GoodReads Book Blurb: "Fifteen-year-old Kambili’s world is circumscribed by the high walls and frangipani trees of her family compound. Her wealthy Catholic father, under whose shadow Kambili lives, while generous and politically active in the community, is repressive and fanatically religious at home. When Nigeria begins to fall apart under a military coup, Kambili’s father sends her and her brother away to stay with their aunt, a University professor, whose house is noisy and full of laughter. There, Kambili and her brother discover a life and love beyond the confines of their father’s authority. The visit will lift the silence from their world and, in time, give rise to devotion and defiance that reveal themselves in profound and unexpected ways. This is a book about the promise of freedom; about the blurred lines between childhood and adulthood; between love and hatred, between the old gods and the new—the grey spaces in which truths are revealed and true livin

April 2018 - The Month That Was #GratitudeCircle

I can't believe it's already May. 2018 is going faster than I thought. And as months pass by I feel the need to write about all that has been, all that is going to be and all that won't ever be. It's a way to document and curate my journey through life. So today I chose to write down about all that I am grateful for in the month of April, joining in the blog hop and hashtag party organized by Vidya in her blog here. Firstly, I successfully completed the A To Z blogging challenge this time. Last year I had given up midway through the craziness and fun. This was the second time I survived the marathon of continuous writing, reading, sharing and interacting. It was hectic, yes, but so much fun. The high I would get every morning seeing so many comments in my blog posts, and reading and commenting on so many other amazing blogs is beyond comparison. Sisters!! :D I interacted a lot on Twitter this time, and I declare it's my favorite social media channel.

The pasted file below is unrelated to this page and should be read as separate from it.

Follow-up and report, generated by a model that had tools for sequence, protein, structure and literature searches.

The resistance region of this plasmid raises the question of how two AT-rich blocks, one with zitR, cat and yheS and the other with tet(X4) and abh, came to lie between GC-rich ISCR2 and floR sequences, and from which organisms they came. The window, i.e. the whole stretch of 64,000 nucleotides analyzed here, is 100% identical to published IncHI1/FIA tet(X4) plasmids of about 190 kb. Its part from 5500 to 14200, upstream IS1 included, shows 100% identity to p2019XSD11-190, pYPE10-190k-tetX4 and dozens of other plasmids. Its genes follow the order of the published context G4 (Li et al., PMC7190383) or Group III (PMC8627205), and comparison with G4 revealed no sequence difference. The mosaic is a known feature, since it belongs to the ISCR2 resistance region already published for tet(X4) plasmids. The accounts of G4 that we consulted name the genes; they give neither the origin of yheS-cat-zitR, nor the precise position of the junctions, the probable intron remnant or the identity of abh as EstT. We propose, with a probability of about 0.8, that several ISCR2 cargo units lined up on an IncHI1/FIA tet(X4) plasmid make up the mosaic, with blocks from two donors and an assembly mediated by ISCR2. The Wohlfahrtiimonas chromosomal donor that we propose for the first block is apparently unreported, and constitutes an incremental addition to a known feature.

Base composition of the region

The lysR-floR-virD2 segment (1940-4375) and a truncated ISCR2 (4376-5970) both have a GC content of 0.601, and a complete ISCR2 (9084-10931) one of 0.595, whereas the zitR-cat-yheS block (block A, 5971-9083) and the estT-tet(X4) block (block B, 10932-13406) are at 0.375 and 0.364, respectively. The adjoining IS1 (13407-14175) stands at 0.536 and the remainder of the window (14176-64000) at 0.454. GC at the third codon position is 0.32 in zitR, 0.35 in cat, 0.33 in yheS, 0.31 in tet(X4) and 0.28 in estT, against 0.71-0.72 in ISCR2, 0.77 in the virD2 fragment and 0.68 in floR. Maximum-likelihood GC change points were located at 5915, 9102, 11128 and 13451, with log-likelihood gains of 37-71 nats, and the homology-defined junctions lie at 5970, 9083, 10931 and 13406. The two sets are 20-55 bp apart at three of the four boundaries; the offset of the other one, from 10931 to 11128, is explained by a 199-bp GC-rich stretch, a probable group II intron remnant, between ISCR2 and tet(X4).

Queeristan by Parmesh Sahani

  Queeristan (Amazon Link) Thanks to Audible Free Trial I listened to this amazing non-fiction on LGBTQ inclusion in Indian workplaces. Author Parmesh Sahani identifies as gay Indian, working closely with Godrej higher management and employees for years to create an inclusive workplace, both legally and in spirit. This book is a result of those years of experience, research, collaboration with individuals from difference spectrum of the society and organizations who has successfully transitioned into a queer friendly one.   Indian history is inclusive. From the Khajuraho temple architectures, to Konark to the Rig Veda, there is existing proofs even 2000 years ago of Indian inclusiveness of queer. It’s the draconian British law that criminalised it, which was scraped in 2009, came into effect once again following a sad judgement in 2013 and eventually was scraped off for good in 2018. I am in awe of the lawyers who fought this legal battle- colleagues and partners – Arundhati Katju